Port of Port Townsend officials to talk over variance

Commissioners will meet virtually Tuesday

PORT TOWNSEND — Concerns about reopening too soon, especially to people from areas harder hit by COVID-19 than Jefferson County, were aired during a Port of Port Townsend discussion, during which one commissioner said that by the time the county makes a decision about applying for an early Phase 2 waiver, the question may be moot.

“I wish we lived in a county that could make a decision on the variance expeditiously like I’ve seen eight counties do, but we don’t,” said Pete Hanke, when commissioners met last Wednesday.

“So by the time we do get around to making a decision, I think it really is just a moot decision. We will be heading for May 31st,” when the rest of the state is scheduled to move into Gov. Jay Inslee’s Phase 2.

Port commissioners will virtually meet with officials from the City of Port Townsend, Jefferson County, Public Utility District and Board of Health on Tuesday.

There, each entity will make recommendations to the Board of Health as to whether or not to go forward with applying for the variance.

Variances allow counties in Washington with less than 75,000 people and no new cases of COVID-19 for three weeks to move into Phase 2 of the re-opening plan before the rest of the state.

Jefferson County has confirmed a case of COVID-19 within the past three weeks, but the state has said it still can apply for the variance.

The multi-step process requires sign-offs from all county government entities as well as hospitals before the Board of Health can request the variance.

Phase 2 still encourages precautions but allows for gatherings of five or fewer people as well as outdoor recreational activities.

People may return to their offices as long as 6 feet of social distance can be maintained along with other precautions, although telecommuting remains the recommendation.

Restaurants will be allowed open with 50 percent capacity to tables of no more than five people.

Port commissioners and businesses are anxious to bring commerce back to life, but they also have safety concerns.

Chris Brignoli of the Port Townsend Shipwrights Co-Op wrote in a letter to commissioners and said that, while he understands the economic hardship the shutdown has brought to the port, reopening too soon could create new dangers and place a large strain on the Jefferson County health care system should the virus re-emerge as it has in other countries.

“I feel it is too soon to open our port to haul-outs and recreational vehicles from outside the county to be worked on by their owners, as this may significantly impact our community’s exposure to the virus,” Brignoli said.

“I do support limited, controlled haul-outs for boats that are locally owned for owners to work on with the expectation that they will follow COVID-19 safety guidelines. However, I do not support vessel owners who keep their boats in Boat Haven but live in Seattle or other high-risk areas from hauling or working on their boats here. It feels to me that this risk is just too great.”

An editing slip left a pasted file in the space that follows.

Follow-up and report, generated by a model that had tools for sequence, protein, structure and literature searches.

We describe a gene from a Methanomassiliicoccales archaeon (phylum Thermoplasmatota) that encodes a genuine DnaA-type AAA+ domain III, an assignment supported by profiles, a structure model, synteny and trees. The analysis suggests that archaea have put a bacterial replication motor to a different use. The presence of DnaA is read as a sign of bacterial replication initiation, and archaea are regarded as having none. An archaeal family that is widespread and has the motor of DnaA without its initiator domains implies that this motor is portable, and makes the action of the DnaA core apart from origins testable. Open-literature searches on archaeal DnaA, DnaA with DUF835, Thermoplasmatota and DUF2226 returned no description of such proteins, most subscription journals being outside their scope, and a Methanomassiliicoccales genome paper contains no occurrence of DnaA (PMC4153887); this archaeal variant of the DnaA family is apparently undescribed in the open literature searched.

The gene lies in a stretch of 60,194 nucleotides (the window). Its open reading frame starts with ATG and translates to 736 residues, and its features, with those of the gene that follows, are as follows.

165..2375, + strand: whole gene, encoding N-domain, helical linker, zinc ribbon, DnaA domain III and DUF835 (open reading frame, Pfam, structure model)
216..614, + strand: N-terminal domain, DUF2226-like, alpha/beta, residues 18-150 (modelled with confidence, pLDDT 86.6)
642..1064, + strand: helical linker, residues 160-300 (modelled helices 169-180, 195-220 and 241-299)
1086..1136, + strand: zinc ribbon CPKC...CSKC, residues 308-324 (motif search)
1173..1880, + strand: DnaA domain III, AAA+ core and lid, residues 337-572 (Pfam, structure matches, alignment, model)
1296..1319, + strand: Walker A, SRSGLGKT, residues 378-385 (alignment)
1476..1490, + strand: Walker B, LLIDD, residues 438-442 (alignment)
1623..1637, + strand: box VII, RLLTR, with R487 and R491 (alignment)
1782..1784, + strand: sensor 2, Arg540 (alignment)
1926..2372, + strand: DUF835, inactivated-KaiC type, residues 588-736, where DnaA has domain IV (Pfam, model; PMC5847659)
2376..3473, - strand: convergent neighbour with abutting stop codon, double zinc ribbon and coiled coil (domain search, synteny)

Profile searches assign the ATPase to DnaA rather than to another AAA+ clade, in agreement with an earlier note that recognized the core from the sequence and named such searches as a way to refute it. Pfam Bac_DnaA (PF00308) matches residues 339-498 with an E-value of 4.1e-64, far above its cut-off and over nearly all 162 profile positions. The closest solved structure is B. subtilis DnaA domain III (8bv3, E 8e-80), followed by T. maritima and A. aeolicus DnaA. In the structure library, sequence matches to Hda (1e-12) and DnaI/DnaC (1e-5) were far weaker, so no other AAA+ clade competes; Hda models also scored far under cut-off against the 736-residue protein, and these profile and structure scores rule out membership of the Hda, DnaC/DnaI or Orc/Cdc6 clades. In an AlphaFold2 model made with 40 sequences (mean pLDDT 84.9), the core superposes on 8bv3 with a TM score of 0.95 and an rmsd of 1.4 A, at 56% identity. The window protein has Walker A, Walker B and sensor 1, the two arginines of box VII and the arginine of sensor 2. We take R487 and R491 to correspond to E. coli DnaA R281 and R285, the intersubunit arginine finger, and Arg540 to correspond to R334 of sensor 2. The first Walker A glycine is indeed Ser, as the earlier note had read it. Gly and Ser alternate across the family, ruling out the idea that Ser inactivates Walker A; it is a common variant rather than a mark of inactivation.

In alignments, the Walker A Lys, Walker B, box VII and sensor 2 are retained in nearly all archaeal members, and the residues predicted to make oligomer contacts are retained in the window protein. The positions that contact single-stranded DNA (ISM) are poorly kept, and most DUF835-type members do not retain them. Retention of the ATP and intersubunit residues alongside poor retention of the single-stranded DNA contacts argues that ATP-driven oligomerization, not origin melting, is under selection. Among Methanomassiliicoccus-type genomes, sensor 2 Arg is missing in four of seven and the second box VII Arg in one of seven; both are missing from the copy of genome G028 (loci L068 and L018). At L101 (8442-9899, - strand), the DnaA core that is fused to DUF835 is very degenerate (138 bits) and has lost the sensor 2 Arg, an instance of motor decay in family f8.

Port Commissioner Bill Putney said he doesn’t want to see Jefferson County become an escape for people who live in high-risk areas.

“I think we have been lucky and skilled at keeping the contagion confined, but if we start opening up very broadly to kind of anybody who wants to come, we’ll have a situation akin to wet county-dry county where we would become a very attractive place for people to visit from areas that aren’t contained at this point, and I don’t know how legitimately we can police that,” Putney said.

Hanke said that, no matter what happens, there will be some risk to the health or finances for the port.

“We’re all going to have our opinions on what this virus is and how much it’s going to spread and what we’re going to do,” he said.

“Either at some point, we’re going to wait until there’s a vaccine before we do anything, or we’re not going to wait for the vaccine before we do anything.

“It seems to me that looking at how much the hospitals have in the capacity of beds, how much PPE (personal protection equipment) the hospital has, really is the key to understanding what we can do and what level of risk we can take,” he added.

“It looks to me like we do have plenty of hospital beds and plenty of PPE to take the risk of opening ourselves up a little and seeing how it goes.”

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Reporter Ken Park can be reached at [email protected].

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